Above All Else

QIC: Ginger

Pax Present: Swan, Squatter, Dipstick, Kimche, Pinto, Monkey, Pom Pom, Sinnamon, Spam, Nurse Jackie.

So I’ll start with a really personal question: How do you feel about your life right now? On a day in, day out basis, do you like what you’re experiencing or not? Are you happy? Fulfilled? Depressed? Anxious? Some mixture of those?

No matter what you are feeling right now….you don’t have to stay there. You can live in peace,  fulfillment, and joy; despite your circumstances. But while that promise is yours for the taking….it doesn’t mean that its going to be easy or happen overnight.

Let’s come back to this thought a little bit later.

Check out this verse:

“Above all else, guard your heart, for it is the well spring of life.” Proverbs 4:23

I got the chance to go to Israel back in January of this year. Seeing the land with my own eyes really helped the Bible come to life for me.

One of the things I had never really understood until I got to experience Israel was the value of water in the desert. Throughout history, one of the most valuable things you could control was a stable water source. Entire cities sprung up around wells that had been dug a thousand years prior by an ancestor. Waterfalls and natural springs were coveted and often saw wars fought over them. In fact, the capital city of Israel came to prominance because of the Gihon Springs which produces thousands of gallons of fresh water an hour, even today.

Water is so valuable because in a desert setting, water is life. Since we live in a modern culture where water access is as easy as turning on a faucet we really don’t understand that reality. But for a desert dwelling people like the people of the Old Testament, water was nearly sacred.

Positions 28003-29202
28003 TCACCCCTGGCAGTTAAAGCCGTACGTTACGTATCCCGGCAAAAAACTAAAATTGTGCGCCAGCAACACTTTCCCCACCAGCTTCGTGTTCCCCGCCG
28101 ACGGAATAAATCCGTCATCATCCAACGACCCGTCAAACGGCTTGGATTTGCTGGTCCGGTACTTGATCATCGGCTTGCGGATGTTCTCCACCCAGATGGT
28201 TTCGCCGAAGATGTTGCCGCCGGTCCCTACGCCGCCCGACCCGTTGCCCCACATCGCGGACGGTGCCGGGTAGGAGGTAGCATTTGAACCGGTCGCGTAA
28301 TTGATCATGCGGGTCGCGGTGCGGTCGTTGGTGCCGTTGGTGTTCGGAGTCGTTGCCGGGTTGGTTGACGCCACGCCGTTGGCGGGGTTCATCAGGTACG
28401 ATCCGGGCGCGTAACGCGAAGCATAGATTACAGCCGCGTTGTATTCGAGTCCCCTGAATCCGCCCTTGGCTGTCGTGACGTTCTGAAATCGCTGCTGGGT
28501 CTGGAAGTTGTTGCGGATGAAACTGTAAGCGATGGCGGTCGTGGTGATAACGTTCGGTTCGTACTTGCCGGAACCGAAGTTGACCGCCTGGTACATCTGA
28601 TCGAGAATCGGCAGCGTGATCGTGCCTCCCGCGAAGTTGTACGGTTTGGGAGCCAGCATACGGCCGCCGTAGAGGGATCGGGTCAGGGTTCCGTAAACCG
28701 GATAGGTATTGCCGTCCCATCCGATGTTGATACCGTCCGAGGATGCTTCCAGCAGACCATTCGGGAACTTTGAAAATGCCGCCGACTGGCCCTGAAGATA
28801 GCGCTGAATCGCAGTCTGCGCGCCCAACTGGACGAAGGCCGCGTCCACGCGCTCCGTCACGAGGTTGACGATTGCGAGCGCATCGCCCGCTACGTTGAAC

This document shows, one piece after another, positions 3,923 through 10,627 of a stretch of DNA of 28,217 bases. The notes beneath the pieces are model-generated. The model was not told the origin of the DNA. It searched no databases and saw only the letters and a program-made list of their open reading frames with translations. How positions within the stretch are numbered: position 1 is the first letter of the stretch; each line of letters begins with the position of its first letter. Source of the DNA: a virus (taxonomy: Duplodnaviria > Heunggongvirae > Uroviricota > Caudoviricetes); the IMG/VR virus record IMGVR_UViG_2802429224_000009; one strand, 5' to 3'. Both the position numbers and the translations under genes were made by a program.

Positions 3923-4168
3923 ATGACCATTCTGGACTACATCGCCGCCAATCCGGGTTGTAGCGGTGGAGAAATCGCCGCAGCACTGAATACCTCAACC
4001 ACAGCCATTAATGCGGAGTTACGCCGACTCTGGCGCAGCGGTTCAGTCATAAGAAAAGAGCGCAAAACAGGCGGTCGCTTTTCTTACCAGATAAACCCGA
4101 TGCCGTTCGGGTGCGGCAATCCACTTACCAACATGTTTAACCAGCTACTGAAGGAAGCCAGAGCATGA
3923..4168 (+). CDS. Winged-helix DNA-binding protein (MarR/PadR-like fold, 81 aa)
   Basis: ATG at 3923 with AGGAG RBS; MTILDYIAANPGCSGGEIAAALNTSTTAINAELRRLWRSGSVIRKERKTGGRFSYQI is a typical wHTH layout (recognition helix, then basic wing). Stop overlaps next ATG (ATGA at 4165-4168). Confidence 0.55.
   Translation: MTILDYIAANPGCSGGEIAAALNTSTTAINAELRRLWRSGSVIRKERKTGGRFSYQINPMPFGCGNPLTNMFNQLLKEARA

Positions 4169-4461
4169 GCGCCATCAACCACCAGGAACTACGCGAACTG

So try to set aside your modern American understanding of water and try to hear this verse through the ears of an ancient Israeli.

“Above all else, guard your heart, for it is the well spring of life.” Proverbs 4:23

To compare one’s heart to a wellspring of water would be to convey its importance to ancient ears. Water was life. Which means the writer is saying the same thing about our hearts. What comes from your heart determines the quality of your life just as the quality of available water determined survival for desert dwellers.

Also, the command to guard your heart above all else would have resonated with these folks because anyone who controlled a good water source new that protecting it was crucial to long term security. If your walls weren’t secure your enemy could come in and take control of your water source. But sometimes, if they weren’t strong enough to take control of the water source they would try to find a way to poison it to weaken or destroy their enemy without firing a shot. Thus, protecting your water source was critical.

So is guarding your heart.

In fact, Solomon says that there is nothing more important.

A little bit more background to make sure we really understand what Solomon is saying here.

When we moderns think of the heart we think of emotions. But the people of the Old Testament saw the heart differently. For them, the heart was the combination of the things you think; the things you feel; and the things you choose. The interaction of those things defined a person in their eyes. They also believed that the poisoning of any one of those things could destroy a person. So in warning his people to guard their heart above all things what Solomon was admonishing was to guard the things you think; the things you feel; and the things you choose. Why? Because they determine the quality of your life just as the quality of your water source determined your survival.